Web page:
A primer on assessing intelligence in laboratory studies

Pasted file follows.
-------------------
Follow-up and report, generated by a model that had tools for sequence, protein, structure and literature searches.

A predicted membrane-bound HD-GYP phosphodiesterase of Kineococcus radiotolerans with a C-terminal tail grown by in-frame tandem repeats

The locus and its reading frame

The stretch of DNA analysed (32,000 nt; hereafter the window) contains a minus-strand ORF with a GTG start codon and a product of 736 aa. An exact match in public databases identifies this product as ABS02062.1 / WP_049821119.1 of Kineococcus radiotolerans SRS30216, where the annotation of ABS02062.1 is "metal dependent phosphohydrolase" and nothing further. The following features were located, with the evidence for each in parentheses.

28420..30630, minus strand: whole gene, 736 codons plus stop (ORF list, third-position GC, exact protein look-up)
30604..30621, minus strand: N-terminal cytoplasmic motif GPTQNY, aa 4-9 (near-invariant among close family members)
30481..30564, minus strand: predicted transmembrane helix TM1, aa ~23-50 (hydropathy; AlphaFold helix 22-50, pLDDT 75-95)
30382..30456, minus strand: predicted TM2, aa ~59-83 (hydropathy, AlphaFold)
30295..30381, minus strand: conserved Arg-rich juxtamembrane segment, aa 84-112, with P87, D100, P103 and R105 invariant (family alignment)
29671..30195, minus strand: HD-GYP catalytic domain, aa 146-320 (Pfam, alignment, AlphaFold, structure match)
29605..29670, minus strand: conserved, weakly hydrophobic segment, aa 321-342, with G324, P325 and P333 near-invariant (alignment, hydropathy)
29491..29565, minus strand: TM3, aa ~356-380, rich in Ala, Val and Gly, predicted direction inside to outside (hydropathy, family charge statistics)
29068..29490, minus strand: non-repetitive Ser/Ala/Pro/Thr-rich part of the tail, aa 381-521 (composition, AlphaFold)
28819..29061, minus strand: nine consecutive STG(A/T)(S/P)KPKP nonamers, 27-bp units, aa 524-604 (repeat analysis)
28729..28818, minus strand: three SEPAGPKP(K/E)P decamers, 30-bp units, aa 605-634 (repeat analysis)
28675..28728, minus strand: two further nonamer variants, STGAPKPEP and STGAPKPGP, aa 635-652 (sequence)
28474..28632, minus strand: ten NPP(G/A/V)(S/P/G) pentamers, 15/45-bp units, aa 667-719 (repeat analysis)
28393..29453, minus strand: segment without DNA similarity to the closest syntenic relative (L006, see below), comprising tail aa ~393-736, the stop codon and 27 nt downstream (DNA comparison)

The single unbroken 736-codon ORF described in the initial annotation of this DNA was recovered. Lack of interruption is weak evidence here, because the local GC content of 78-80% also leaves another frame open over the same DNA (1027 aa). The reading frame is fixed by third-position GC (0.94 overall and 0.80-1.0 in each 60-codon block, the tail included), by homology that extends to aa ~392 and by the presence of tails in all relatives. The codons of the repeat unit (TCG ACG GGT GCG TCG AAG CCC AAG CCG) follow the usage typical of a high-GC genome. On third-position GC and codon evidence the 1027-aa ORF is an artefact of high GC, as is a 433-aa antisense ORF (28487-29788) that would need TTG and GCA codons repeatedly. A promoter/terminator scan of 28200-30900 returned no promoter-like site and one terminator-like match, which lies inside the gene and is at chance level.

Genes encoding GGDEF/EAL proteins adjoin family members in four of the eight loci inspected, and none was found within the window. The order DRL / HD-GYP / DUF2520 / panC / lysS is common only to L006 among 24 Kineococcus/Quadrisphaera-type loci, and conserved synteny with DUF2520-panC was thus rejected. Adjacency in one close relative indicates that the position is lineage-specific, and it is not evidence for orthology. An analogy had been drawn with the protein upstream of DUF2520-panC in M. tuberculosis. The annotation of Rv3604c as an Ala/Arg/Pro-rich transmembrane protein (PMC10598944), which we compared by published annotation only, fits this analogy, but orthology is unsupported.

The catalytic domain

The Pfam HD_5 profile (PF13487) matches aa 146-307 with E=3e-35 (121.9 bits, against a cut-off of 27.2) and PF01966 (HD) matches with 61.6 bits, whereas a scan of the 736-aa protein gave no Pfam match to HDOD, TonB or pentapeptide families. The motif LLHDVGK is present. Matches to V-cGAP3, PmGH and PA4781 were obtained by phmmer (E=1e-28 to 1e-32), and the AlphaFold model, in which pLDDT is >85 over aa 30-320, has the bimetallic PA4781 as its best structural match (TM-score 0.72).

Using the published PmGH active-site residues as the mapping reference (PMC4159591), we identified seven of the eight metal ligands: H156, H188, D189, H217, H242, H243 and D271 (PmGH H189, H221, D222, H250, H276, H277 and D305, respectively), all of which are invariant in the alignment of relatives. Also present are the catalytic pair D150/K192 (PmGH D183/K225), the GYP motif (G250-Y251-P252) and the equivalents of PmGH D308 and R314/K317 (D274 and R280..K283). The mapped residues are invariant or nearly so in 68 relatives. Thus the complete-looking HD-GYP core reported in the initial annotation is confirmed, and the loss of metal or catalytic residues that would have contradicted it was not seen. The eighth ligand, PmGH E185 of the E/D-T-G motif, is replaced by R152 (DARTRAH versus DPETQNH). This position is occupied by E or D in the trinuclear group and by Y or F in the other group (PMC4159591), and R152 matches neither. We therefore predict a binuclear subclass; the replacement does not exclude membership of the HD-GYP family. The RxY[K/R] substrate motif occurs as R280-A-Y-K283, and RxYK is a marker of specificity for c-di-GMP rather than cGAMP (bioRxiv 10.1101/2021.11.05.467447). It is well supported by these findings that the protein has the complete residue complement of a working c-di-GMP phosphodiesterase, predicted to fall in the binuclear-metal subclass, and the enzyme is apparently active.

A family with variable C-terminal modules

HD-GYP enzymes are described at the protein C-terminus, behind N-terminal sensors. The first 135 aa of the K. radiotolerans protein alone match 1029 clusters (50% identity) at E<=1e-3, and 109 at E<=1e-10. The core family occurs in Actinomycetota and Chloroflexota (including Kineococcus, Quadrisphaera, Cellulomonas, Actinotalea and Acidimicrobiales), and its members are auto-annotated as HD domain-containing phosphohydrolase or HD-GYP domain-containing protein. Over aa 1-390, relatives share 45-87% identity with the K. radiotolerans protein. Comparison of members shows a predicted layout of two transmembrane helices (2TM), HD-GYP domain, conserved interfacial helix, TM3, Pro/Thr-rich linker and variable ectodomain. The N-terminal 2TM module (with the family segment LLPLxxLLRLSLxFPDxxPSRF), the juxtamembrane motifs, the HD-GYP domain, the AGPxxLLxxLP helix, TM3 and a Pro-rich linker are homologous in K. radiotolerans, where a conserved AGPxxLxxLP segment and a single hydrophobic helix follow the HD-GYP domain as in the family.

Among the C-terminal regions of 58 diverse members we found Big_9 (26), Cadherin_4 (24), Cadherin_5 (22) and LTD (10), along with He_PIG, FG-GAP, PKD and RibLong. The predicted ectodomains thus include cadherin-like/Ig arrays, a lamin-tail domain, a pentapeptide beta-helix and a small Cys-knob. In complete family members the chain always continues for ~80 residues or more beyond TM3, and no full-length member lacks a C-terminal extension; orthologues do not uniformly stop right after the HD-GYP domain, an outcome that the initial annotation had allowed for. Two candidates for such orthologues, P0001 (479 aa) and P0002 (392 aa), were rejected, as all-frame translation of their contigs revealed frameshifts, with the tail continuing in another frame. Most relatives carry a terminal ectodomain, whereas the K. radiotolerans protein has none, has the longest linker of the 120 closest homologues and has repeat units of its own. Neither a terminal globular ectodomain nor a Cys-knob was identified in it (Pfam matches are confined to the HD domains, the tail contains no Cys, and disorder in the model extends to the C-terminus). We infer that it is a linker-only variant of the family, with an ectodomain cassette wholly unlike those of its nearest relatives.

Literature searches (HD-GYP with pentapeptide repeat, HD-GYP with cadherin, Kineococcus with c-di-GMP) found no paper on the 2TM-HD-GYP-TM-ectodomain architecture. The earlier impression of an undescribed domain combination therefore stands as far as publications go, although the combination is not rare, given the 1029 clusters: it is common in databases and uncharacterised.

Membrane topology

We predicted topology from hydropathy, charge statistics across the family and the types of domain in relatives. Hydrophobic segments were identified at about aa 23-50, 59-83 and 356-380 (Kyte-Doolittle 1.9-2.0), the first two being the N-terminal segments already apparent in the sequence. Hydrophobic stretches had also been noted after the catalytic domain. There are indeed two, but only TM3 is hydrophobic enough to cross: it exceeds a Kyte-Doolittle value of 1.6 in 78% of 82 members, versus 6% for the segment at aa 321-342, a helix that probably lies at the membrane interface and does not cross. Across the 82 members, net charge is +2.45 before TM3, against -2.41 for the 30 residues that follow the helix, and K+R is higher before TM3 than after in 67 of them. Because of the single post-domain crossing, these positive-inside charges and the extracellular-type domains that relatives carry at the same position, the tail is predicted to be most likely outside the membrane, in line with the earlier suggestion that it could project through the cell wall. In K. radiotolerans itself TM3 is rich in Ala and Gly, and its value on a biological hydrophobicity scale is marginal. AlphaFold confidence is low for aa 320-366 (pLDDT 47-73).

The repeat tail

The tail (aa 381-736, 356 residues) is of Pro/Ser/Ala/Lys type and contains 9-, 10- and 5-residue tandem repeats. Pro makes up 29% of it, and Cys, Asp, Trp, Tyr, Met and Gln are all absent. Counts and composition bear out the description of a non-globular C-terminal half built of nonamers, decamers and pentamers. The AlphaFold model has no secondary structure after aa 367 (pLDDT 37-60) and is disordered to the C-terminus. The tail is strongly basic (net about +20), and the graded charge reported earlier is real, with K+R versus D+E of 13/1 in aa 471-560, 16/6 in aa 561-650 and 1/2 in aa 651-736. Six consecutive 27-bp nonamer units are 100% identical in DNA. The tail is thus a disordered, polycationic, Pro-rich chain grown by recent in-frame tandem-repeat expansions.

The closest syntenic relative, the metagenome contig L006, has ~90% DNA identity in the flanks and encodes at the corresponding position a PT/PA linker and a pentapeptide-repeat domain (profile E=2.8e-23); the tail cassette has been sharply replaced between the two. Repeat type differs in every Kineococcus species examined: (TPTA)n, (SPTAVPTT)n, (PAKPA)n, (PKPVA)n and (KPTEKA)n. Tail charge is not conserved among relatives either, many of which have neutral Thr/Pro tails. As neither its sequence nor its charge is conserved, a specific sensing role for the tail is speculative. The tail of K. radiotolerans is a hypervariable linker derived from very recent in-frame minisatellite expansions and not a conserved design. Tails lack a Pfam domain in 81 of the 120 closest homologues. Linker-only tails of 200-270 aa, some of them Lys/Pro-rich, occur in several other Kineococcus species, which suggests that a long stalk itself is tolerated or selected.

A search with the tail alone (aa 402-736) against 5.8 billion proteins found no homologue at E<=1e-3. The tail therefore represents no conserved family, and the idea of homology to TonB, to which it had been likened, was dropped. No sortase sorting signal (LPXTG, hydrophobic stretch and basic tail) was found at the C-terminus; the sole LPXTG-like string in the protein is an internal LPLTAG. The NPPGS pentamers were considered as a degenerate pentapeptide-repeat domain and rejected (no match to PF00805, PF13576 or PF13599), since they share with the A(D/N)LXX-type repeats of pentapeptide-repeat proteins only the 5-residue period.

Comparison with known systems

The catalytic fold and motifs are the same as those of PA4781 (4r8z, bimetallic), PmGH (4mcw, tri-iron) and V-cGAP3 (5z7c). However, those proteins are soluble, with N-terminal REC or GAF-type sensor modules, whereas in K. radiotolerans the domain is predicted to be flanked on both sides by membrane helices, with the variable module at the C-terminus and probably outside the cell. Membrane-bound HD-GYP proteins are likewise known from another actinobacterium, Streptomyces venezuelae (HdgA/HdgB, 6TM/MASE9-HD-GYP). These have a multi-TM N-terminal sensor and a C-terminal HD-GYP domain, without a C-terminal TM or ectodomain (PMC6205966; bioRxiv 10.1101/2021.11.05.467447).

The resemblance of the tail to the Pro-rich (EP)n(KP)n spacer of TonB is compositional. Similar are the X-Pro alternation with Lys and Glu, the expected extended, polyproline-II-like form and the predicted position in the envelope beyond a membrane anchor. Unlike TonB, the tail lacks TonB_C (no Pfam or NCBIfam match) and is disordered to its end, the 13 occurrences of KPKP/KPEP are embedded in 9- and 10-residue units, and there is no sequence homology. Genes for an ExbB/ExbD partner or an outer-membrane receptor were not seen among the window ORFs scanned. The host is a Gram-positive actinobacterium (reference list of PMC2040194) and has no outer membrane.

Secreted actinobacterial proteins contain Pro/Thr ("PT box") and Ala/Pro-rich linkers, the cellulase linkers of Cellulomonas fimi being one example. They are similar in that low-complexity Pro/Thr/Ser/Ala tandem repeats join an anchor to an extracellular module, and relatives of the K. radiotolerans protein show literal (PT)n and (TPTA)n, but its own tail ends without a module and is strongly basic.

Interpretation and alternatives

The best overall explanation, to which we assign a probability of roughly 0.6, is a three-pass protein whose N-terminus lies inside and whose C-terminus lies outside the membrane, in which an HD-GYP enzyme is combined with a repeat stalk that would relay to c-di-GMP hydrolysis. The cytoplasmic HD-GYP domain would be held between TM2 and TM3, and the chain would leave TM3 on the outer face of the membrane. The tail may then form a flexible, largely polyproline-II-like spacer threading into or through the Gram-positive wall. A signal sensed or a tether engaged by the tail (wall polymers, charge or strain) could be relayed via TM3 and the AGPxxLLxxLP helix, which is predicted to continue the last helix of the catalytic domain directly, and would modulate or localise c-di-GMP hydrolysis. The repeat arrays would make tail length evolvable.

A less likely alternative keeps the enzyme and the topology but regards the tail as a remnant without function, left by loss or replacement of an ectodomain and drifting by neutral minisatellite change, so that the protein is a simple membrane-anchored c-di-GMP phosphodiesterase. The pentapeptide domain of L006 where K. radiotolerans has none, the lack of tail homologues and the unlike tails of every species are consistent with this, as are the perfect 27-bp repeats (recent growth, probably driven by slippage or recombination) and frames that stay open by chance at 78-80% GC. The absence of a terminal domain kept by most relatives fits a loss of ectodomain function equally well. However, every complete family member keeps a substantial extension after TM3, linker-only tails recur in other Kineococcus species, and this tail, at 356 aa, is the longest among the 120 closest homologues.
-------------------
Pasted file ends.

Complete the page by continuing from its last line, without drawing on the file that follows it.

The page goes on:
This paper is an attempt to provide a brief guide to major conceptual and statistical problems that are unique to the study of individual differences in intelligence and various intellectual abilities, in the context of laboratory experimental studies, and to suggest strategies to successfully navigate these problems. Such studies are generally designed so that the goal is to evaluate the relationships between individual differences in basic task performance or related markers on the one hand, and individual differences in intellectual abilities on the other hand. Issues discussed in this paper include: restriction-of-range in talent, method variance and facet theory; speed vs. power; regression to the mean; extreme-groups designs; difference scores; differences in correlations; significant vs. meaningful correlations; factor- pure tests; and criterion variables. A list of representative “do” and “don’t” recommendations is provided to help guide the design and evaluation of laboratory studies.